By Agence France-Presse
Hungarians head to the polls Sunday in an election that is being keenly observed across Europe, which will determine whether firebrand nationalist Prime Minister Viktor Orban will win an expected third term.
Orban has clashed with EU institutions over his moves to clamp down on civil society and his fiery anti-immigration rhetoric, but he has drawn plaudits from other nationalist politicians and those on the far-right who look to him as an inspiration.
Opinion polls have consistently put Orban and his right-wing Fidesz party 20 or more points clear of their nearest rivals, Jobbik, a far-right party that has been moving towards the centre. Jobbik in turn has been a few points ahead of the centre-left Socialists.
Around 7.9 million Hungarians are eligible to vote and turnout figures will be closely watched for any clues of a possible upset.
A mainly first-past-the-post election system designed by Fidesz gives it an edge over a divided opposition but a high turnout and anti-Fidesz tactical voting could add an element of unpredictability.
Polling stations opened around 6:00 am local time (0400 GMT) and will stay open until 7:00 pm local time.
Preliminary results are expected to emerge one or two hours after polls close, with broader trends expected to become clear only slowly over the course of the evening.
Even if Fidesz does gain its expected majority in the 199-seat parliament, analysts will be watching to see whether it falls short of the two-thirds “supermajority” that has enabled it to pass some of its most far-reaching and controversial bills.
These include some of the measures that have put Orban on a collision course with Brussels, such as eroding the independence of the media and the judiciary, as well as its crackdown on civil society groups, particularly those funded by Hungarian-born US billionaire George Soros.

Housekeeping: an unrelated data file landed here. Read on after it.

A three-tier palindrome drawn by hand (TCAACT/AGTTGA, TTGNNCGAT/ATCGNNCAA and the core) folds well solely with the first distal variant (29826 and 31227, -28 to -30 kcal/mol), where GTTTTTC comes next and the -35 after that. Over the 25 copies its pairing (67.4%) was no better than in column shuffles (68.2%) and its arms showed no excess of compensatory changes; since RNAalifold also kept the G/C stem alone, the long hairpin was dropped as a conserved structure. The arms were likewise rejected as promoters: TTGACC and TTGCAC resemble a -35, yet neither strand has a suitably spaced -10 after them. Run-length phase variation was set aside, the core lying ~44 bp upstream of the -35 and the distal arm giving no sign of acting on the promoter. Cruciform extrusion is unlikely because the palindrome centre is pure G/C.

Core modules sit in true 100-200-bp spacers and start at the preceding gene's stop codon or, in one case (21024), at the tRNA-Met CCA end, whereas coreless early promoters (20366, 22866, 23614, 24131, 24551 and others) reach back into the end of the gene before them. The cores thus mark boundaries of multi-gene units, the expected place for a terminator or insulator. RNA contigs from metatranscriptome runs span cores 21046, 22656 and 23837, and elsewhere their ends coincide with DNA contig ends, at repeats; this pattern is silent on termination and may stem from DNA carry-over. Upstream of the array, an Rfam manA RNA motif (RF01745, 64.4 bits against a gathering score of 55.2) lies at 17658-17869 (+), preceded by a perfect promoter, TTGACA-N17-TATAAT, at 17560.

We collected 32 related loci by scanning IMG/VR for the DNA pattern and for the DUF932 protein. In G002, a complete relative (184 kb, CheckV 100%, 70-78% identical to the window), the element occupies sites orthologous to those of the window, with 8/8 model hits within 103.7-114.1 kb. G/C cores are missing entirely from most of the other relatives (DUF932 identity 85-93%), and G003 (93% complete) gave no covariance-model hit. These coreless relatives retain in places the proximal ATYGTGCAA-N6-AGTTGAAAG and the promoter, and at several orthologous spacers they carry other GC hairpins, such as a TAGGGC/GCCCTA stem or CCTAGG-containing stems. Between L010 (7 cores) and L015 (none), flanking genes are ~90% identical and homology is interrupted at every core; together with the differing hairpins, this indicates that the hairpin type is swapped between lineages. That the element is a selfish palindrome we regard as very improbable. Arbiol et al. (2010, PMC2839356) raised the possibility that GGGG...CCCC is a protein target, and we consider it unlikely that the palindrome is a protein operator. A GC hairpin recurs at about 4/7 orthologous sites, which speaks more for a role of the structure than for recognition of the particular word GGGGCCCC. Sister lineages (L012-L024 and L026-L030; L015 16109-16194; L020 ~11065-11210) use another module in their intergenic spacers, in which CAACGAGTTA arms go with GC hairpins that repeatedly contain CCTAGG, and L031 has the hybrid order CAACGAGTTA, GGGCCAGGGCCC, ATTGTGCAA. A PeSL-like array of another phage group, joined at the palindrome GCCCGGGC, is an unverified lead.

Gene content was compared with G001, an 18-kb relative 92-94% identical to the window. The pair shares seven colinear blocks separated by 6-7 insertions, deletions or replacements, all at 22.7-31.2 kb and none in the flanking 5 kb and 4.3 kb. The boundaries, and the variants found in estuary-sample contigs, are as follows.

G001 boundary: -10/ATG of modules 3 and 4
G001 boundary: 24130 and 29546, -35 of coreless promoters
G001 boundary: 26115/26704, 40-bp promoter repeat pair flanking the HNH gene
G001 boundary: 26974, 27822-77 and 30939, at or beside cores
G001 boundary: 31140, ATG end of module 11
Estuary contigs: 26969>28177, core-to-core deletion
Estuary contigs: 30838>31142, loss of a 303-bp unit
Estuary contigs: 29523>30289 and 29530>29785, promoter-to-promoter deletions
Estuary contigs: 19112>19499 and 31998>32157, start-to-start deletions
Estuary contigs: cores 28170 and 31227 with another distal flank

The government has been accused by critics of using anti-Semitic stereotypes in its relentless campaign against Soros, who is Jewish.
Orban accuses Soros and the organisations he funds of promoting mass Muslim and African immigration into Europe in order to undermine its Christian identity.
Orban’s sometimes lurid rhetoric against immigrants resulted in February in a spat between the government and the UN’s top human rights official, Zeid Ra’ad Al Hussein, who accused Orban of xenophobia and racism.
Although Orban’s actions, including refusing to participate in the EU’s refugee resettlement scheme, have sometimes annoyed other European governments, Fidesz is afforded a measure of protection by virtue of its membership of the main centre-right EPP grouping in the European Parliament.
Senior EPP leaders have themselves courted controversy by wishing Orban luck ahead of the poll.
On a visit to Budapest Friday, Jaroslaw Kaczynski, leader of Poland’s governing PiS party, also gave Orban his endorsement.
Poland’s government has had its own run-ins with Brussels over its changes to the judicial system, and sees Hungary as an important ally within the EU.
A strong showing for Orban will be welcomed by admirers on the far-right in Europe, such as France’s Marine Le Pen, and beyond.
Orban has also cultivated Russian President Vladimir Putin as an ally and has previously cited Russia as an example of the sort of “illiberal state” he hopes to anchor in Hungary.
Turnout will be a key factor in determining the result, with higher participation thought to benefit the opposition.
At a local mayoral by-election in February, Fidesz suffered a shock defeat after the opposition threw its weight behind a single candidate, prompting a surge in turnout.
Opposition parties have not coordinated this closely on a national level, but tactical voting could nevertheless represent a danger to Fidesz in 30-40 “swing seats”.
The last few weeks of the campaign have been marked by allegations of money laundering and corruption levelled at Orban’s inner circle, often published in media owned by oligarch Lajos Simicska, an erstwhile Orban ally who fell out with him after Fidesz’s 2014 election victory.
Orban has avoided public debates with opponents or speaking to independent media, preferring instead to address supporters at carefully stage-managed events where he has hammered home his anti-immigration message.
The government also points to Hungary’s solid economic growth, which has brought steadily rising wages, and says this would be at risk in the event of an opposition victory.